The memorandum book of Alexander Dunlop is divided into three parts. The bulk of the book is written in Dunlop's hand between 1686 and 1688. Later additions were made by Dunlop's son John in 1699. Two additional entries are made in an unidentified hand.
The entries by Alexander Dunlop include a short narrative of the voyage of the vessel Richard and John of London from Kelburne (south of Largs, Ayrshire), in 1686 [folios 93-92, reversed at back of book]. Other entries related to this voyage include a note concerning £15 received from Lady Cardross, February 26, "to be delivered to My Lord Cardros when I shall come to portroyall in Carolina" and a note dated July 26 in Antigua that the money "was sent by me A D to Mylord Cardros with Tho: Steill some tyme my servitor according to his recept" [folio 2]. A copy of Steill's receipt, partly torn away, is on folio 4 the verso of folio 2 contains more accounts between Dunlop and Steill, particularly pay for the latter's service in the several weeks spent in Antigua. Folios 5 and 90b-89b contain accounts possibly related to this voyage.
The book also has a long letter from Alexander Dunlop to his wife Antonia [folios 7-13b]. Topics of the letter are money matters, sale of an estate to the Earl of Dundonald, the Earl's resignation in favor of the Dunlops' son John, their other children, and debts. This letter may have been Alexander's draft of intentions for care of his affairs after his death as he writes, "so you & freends may divyde among the childen as they deserve" [folio 9b:]. Other entries by Alexander also concern financial affairs and debts [folios 3, 5-6, and 89b-86b, folio 88 mentions "tutors" and "curators."]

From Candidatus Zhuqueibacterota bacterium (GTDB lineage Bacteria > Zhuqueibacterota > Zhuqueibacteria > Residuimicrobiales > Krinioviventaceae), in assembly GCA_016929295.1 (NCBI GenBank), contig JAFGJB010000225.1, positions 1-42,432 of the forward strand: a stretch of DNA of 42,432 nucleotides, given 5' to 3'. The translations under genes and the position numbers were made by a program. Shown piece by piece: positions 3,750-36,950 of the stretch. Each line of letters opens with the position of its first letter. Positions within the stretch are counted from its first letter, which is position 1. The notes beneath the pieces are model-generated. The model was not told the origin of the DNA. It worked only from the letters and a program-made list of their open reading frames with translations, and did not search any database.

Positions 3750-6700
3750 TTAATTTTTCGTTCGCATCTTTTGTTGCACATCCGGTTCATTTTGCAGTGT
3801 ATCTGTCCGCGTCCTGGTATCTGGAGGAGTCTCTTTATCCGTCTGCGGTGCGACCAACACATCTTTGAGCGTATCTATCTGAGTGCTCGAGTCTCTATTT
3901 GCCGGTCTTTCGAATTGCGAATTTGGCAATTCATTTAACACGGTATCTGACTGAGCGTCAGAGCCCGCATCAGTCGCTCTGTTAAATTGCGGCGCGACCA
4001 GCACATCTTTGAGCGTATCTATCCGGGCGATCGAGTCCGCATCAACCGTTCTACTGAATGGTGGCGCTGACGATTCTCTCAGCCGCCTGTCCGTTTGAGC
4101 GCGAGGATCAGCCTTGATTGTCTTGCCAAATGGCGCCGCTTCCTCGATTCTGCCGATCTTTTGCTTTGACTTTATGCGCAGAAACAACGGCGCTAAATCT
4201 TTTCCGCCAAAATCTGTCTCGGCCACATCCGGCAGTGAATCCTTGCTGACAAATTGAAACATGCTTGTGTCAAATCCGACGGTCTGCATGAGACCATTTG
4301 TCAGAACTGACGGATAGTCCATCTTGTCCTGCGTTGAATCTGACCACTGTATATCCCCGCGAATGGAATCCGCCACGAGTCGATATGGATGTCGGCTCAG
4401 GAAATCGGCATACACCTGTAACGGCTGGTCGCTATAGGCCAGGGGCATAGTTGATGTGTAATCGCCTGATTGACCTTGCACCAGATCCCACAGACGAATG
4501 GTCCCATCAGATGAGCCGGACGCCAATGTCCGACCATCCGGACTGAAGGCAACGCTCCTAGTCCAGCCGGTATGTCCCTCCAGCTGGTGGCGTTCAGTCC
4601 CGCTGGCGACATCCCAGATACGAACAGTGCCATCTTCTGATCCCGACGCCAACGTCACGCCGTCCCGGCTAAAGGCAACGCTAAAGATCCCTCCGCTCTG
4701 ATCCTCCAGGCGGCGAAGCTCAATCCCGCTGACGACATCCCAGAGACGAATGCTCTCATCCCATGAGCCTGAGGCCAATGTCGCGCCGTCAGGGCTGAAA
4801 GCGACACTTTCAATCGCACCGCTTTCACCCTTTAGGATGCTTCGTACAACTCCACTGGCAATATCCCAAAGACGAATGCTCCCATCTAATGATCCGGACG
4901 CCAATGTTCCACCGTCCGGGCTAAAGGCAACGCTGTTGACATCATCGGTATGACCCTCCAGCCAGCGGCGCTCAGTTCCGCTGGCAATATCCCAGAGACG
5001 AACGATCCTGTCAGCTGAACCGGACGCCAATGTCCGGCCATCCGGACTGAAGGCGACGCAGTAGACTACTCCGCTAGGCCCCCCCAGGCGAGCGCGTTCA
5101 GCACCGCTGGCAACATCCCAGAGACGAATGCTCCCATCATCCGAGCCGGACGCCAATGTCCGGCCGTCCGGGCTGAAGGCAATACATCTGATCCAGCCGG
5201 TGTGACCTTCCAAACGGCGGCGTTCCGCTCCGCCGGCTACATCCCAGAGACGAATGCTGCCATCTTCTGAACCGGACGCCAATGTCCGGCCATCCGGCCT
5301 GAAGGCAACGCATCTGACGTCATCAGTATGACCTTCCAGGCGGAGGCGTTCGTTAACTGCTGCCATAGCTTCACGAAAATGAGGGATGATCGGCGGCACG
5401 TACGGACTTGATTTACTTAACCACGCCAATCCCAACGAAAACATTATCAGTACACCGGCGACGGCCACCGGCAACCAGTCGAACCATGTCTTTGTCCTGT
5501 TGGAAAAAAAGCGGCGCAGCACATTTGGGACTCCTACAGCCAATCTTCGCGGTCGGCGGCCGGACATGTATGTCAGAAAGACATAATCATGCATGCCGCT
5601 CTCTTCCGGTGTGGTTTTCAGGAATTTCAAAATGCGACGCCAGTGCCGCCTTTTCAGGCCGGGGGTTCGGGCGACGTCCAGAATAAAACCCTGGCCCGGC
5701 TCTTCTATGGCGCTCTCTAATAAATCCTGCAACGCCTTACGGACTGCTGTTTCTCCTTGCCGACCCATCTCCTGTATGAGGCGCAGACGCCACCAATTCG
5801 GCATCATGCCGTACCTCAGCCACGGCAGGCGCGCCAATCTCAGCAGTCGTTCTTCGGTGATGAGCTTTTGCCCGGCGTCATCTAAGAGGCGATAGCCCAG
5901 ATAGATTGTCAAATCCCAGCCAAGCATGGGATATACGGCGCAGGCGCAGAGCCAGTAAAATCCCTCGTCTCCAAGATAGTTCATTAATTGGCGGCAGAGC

The entries of John Dunlop all address the Dunlop's affairs in Scotland including financial notes and debts. Detailed descriptions, and tables titled "Rentall of the Lands of Dunlop," June 13, 1699 mentions a number of specific places, including the parks of Dunlop [folio 17], Auchentiber [folios 29b, 34], Stewarton [folio 34b], Mirrimouth [folio 20] and rents paid in money or in kind included meal, beer, hens, capons, coal, etc., some given with cash equivalents.
Additional notes in an unknown hand are made at the end of the rental accounts and with the letter of Alexander to his wife.